Answered By: Kimberly Boyd Last Updated: Dec 12, 2016 Views: 112
Hello! I would suggest that you read the instructions below in order to begin thinking about primary resources.
Think About Your Topic:
Once you have decided upon a topic and have gathered some information about the background of your topic, including the key people, places, events, and dates involved, you can start to think about finding primary sources. Think about these questions in order to determine what types of information you will be searching for:
- What types of documents would have been created during the event or time period I am researching? (Government documents, newspapers, diaries, business reports, etc.?)
- Whose perspective am I looking for? (civilian, soldier, politician , woman, slave?)
Manuscript collections or archives of organizational records often include some of the following keywords in their titles or content descriptions. By combining these words with words that describe your topic you are more likely to find primary sources:
- collection or collected works
- archive or archives
- personal narratives
An example of this type of search is "United States Civil War" AND diaries.
Search by Author
To find diaries, letters, autobiographies, etc. search a person's name as an author which will give you results written by the person rather than results about them.
Books and Articles
Many secondary souces will include a Works Cited or Bibliography of the sources used by the author. Primary sources are frequently listed in these bibliographies.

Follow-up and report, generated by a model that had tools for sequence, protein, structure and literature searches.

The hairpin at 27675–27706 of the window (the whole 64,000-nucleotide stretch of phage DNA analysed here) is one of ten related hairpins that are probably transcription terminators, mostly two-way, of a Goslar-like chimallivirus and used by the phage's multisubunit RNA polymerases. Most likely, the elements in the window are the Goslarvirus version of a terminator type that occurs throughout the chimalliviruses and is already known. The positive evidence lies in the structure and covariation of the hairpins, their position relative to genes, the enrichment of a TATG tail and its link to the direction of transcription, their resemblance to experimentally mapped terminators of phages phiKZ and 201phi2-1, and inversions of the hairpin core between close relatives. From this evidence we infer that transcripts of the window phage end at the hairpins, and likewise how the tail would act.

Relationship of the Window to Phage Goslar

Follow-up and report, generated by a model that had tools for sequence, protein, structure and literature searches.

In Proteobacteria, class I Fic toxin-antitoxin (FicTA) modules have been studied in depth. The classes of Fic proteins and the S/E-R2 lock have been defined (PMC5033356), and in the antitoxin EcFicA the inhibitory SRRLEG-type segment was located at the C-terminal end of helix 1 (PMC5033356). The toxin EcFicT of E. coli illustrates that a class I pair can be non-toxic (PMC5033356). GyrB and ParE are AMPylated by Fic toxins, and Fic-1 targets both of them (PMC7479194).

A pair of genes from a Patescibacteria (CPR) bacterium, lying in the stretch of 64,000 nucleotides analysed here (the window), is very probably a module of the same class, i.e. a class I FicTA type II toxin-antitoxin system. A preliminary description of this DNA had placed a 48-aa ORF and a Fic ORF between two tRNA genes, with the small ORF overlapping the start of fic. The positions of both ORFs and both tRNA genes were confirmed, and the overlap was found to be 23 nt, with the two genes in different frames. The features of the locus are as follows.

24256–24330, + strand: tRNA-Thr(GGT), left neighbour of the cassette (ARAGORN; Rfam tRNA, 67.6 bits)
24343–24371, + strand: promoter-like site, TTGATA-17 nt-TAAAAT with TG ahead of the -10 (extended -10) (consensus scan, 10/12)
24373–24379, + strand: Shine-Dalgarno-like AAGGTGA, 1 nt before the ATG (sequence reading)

Many of the databases allow you to limit your search to document types and to primary source types in the advanced search screen. For instance, in the database Academic Search Complete, go to the advanced search screen:
Once you are in the advanced search screen, scroll down and you will see document types. You can choose to search for letters and speeches, both of which are types of primary sources. It will look like this:
You may also search by primary source types. It will look like this:
Some helpful websites are the Library of Congress' American Memory which you can access here: http://memory.loc.gov/ammem/index.html and the University of Oklahoma's site that includes links to the texts of many important historical documents which you can find here:http://www.law.ou.edu/hist/. Here you can find important US congressional documents and debates: http://memory.loc.gov/ammem/amlaw/lawhome.html. The George Washington papers are here: http://memory.loc.gov/ammem/gwhtml/gwhome.html and this is a pretty thorough page with links to many historical websites from AmericanRevolution.org: http://www.americanrevolution.org/histlinks.html.
Also, always start your research by going to the library's libguides. The URL for the history libguide is libguides.brenau.edu/history. Going to the articles tab in this libguide will give you access to the databases that the librarians recommend you use when doing historical research. Another helpful libguide is the Georgia History Primary Sources libguide which you can reach by going here: libguides.brenau.edu/GaHistoryPrimarySources.